K-State Research and Extension News
March 22, 2013
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Food Drive Fills Student’s Room, Efforts to Serve Three Food Pantries


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‘Operation Kick Me Out of My Bedroom’ is Project Theme


NORTONVILLE, Kan. – Children can be creative, especially when it comes to excuses for not cleaning their room. But, if you think you’ve heard everything, read on.

Colby Weishaar is 12; he’s in the seventh grade, and active in school and community activities, including Kansas 4-H.

He lives in Nortonville, in northeast Kansas, and proposed a local, canned food drive to gather enough non-perishable foods to cover the floor of his bedroom as his 4-H community service project for the year.

Weishaar chose a name “Operation Kick Me Out of My Bedroom” that provided a vision for his goal, and composed an appeal letter that he sent to 100 area businesses, Jefferson County 4-H clubs, and extended family and friends.

The response to date, more than 2,100 non-perishable food items and $1,000 in donations to buy additional food, has covered the bedroom floor, filled the room, and is now filling up the family’s basement.

The project has exceeded his and his family’s expectations.

Weishaar said he choose a food drive because new food pantries have opened in the county.

“Giving back to the community is an important part of being a good citizen, and an important part of what I have learned – and practiced – as a 4-H member,” said Weishaar, who dedicated the food drive to Dee Rule, former Jefferson County 4-H Citizenship Project leader who passed away from cancer.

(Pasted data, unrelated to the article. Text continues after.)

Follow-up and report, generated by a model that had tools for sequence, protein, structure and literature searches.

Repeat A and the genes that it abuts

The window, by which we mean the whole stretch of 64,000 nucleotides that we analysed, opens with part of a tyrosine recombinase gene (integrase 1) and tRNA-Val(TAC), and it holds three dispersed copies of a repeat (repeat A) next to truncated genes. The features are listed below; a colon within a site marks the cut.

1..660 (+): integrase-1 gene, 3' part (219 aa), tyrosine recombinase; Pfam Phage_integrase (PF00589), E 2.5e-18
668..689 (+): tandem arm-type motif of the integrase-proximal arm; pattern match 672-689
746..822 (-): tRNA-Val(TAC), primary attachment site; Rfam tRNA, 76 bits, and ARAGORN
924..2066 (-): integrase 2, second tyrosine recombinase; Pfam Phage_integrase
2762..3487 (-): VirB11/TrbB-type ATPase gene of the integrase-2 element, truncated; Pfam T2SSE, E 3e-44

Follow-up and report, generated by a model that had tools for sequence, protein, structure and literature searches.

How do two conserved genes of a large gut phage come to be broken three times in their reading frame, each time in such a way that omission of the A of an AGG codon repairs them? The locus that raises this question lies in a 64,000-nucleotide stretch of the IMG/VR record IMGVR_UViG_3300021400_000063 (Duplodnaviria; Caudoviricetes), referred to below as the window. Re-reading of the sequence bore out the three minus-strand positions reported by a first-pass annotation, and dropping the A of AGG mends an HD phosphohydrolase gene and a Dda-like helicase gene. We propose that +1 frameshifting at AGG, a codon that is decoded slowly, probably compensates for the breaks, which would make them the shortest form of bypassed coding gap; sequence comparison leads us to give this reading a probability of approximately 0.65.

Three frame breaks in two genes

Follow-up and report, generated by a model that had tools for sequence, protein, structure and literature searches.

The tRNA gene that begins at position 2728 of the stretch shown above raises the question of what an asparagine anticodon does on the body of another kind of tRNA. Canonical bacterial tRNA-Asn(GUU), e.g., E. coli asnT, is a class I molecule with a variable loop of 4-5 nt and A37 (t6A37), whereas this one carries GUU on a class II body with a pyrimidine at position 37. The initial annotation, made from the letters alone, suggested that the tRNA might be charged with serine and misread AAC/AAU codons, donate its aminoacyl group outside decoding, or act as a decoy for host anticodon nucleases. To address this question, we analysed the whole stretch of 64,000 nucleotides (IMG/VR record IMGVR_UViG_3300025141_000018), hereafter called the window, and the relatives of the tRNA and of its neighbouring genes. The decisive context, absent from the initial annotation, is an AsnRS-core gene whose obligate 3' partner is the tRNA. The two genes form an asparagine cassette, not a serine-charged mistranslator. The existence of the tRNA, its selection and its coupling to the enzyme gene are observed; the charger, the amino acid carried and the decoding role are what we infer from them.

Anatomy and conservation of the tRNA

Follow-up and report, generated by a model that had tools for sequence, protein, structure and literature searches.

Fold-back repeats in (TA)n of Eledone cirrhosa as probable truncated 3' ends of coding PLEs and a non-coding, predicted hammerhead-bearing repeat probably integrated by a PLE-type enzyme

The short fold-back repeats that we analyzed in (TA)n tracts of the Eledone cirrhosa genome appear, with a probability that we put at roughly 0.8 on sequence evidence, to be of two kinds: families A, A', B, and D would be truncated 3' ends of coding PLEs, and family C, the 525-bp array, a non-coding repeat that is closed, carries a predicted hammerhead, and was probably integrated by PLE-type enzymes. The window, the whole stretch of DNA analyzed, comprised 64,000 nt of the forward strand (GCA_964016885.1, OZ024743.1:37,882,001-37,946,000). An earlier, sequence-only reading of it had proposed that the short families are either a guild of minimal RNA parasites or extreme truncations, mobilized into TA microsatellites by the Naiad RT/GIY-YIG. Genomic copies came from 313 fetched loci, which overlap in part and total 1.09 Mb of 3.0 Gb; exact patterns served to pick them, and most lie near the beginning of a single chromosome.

The seventh grader has participated in a variety of 4-H projects and also is at ease working in the garden, taking photos, showing cattle and giving a speech.

He’ll continue the food drive until June, when non-perishable foods and cash donations will be distributed to three Jefferson County, Kan., food pantries: God’s Storehouse in Meriden; Valley Falls Food Pantry in Valley Falls, and Pantry of Hope in Nortonville.

Weishaar is a member of the Lucky 4 4-H Club, and the son of Rob and Bridget Weishaar.

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K-State Research and Extension is a short name for the Kansas State University Agricultural Experiment Station and Cooperative Extension Service, a program designed to generate and distribute useful knowledge for the well-being of Kansans. Supported by county, state, federal and private funds, the program has county Extension offices, experiment fields, area Extension offices and regional research centers statewide. Its headquarters is on the K-State campus, Manhattan.

Story by: Nancy Peterson
nancyp@ksu.edu
K-State Research & Extension News

Jim Adams, Kansas 4-H Office, 785-532-5800 or jadams@ksu.edu; Linda Gantz, Jefferson County 4-H Program Assistant, 785-863-2212 or gantz@ksu.edu